On a final note, I just want to point out that I would not be done with these books yet if I had not taken some vacation last month. Some of the things that we saw on that vacation may influence some of my thoughts as well.

Friday, October 23, 2015

Drum Week Band Review: Vixen

I can't say what it was that first struck me about the drums in Vixen. I was listening for guitar, and specifically for really masterful guitar played by women. I thought the guitars were fine, if not what I was looking for. (Well, maybe "Living In Sin".)

Vixen's percussion stood out. That was the work of drummer Roxy Petrucci. I don't know why it stands out for me, but I hear it in Madame X too, Petrucci's other project.

The reviews haven't been really traditional this week, being a little more historical, and I want to keep up with that because I learned some things.

My interests during the '80s were more pop and New Wave. I didn't pay a lot of attention to the bands that I thought of as metal, though listening to them now very few of them sound that metallic.

I mention that because I didn't spend a lot of time on Vixen, though I do remember "Edge of a Broken Heart". My other memory is that I had gotten the impression that they were being gimmicky by forming an all-girl metal band. (Also, I thought I remembered them as a super group containing Lita Ford, which was not true at all.)

Now, that people at the time might have spoken disparagingly of band that was all women but not pop seems completely plausible. My not paying much attention to the genre would have made it easier for that to stick. It was just so far off base.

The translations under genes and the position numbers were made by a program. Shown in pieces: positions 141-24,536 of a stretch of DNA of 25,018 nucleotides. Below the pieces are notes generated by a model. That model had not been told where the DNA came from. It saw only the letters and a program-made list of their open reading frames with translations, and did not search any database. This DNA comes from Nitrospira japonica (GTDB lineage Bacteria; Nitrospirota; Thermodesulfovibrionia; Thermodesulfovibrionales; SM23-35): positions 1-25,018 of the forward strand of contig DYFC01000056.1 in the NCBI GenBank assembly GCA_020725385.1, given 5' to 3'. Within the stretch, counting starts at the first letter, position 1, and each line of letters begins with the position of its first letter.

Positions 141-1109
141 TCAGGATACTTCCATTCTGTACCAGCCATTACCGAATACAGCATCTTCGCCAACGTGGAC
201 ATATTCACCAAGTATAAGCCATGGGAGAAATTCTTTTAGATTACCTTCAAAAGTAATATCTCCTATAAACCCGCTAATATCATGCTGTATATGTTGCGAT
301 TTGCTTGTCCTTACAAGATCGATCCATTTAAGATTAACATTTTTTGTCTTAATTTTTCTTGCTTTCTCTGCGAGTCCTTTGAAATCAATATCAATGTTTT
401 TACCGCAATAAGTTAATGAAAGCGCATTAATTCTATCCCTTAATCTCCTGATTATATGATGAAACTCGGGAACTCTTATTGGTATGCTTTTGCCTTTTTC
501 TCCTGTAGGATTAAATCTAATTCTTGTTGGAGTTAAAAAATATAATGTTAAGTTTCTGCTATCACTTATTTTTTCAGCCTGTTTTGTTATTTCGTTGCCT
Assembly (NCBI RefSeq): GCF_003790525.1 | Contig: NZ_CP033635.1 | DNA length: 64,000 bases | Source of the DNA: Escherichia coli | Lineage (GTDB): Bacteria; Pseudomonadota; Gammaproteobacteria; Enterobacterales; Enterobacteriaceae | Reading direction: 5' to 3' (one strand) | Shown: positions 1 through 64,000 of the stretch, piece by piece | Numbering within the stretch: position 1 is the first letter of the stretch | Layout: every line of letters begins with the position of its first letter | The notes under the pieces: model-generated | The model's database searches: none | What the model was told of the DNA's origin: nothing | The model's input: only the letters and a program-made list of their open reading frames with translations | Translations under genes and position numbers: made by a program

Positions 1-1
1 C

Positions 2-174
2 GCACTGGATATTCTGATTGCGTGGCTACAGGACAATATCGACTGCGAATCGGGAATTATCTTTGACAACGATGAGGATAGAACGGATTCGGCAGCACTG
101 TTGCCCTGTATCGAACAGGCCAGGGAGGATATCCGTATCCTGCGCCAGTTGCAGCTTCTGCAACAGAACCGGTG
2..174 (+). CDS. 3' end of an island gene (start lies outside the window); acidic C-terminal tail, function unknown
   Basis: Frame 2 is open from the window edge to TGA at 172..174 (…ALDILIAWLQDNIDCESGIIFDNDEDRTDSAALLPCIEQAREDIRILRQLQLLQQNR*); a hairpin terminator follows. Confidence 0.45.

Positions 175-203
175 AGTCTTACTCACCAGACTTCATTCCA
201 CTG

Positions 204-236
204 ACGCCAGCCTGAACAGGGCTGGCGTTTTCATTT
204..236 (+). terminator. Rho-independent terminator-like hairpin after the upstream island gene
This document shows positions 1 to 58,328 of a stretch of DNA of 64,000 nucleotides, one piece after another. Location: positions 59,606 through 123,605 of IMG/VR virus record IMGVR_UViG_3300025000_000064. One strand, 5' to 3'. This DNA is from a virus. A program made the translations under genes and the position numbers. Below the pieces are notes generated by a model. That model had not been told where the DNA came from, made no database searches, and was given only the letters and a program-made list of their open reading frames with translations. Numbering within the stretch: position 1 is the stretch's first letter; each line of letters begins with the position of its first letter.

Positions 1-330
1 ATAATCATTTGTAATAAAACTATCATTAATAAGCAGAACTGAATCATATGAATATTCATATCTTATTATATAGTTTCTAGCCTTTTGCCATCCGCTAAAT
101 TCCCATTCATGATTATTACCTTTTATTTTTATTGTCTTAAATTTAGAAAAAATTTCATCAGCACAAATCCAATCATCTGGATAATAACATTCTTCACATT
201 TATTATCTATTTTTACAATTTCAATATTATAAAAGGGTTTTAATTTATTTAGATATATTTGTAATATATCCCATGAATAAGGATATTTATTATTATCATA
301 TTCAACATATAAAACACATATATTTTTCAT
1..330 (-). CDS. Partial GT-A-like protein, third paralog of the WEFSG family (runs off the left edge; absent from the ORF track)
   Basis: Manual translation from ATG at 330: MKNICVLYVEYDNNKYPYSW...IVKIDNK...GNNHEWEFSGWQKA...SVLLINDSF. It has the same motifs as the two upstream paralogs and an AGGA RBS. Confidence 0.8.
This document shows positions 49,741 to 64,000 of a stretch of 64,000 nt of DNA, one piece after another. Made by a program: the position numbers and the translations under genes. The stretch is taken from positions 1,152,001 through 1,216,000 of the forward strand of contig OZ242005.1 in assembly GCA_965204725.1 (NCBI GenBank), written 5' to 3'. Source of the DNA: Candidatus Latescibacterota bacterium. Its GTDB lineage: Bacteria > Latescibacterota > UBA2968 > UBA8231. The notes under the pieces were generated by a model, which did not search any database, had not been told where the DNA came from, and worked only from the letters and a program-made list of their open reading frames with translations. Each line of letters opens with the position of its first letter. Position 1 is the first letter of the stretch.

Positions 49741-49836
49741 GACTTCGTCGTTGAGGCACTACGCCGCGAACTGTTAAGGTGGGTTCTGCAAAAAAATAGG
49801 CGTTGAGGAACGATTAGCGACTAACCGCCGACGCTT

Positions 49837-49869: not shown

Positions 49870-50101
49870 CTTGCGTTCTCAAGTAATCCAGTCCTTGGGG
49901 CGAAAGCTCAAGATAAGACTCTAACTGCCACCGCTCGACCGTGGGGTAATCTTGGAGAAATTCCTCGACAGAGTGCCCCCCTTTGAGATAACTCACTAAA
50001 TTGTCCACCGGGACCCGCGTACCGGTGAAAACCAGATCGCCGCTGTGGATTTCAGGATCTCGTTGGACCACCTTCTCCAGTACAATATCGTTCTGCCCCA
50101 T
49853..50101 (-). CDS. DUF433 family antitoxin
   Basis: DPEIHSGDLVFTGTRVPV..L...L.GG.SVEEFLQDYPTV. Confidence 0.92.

You can find disparate stories of the formation of the band, with dates given as far apart as 1973 and 1981 (which would overlap with Madame X) for the formation. That is so normal. The members got started playing early, tried multiple lineups, and there were changes. Even if you don't accept the 1973 start date as pertinent to the band, for singer Jan Kuehnemund it was pertinent. Then when you consider that the signing with EMI didn't happen until 1988, like they say, it's a long way to the top if you want to rock and roll.

It may be possible that EMI was trying to be gimmicky with something different, and that wouldn't be the first time that something a little bit different helped a band out. The signing is still happening four years after Vixen has appeared as a band (called Diaper Rash) in Hardbodies, three years after they moved to Los Angeles to be a part of the LA band scene (they originated in St. Paul, Minnesota), and one year after they were featured in The Decline of Western Civilization II: The Metal Years.

That's a pretty respectable rock trajectory. Even after they initial breakup it appears that they all kept working on other projects. So this leaves me feeling that they deserved more respect than they got, even though I may be misremembering how much respect they got.

I liked listening to the music. I prefer the more melodic songs, which is no stretch for me, and I think they hold up.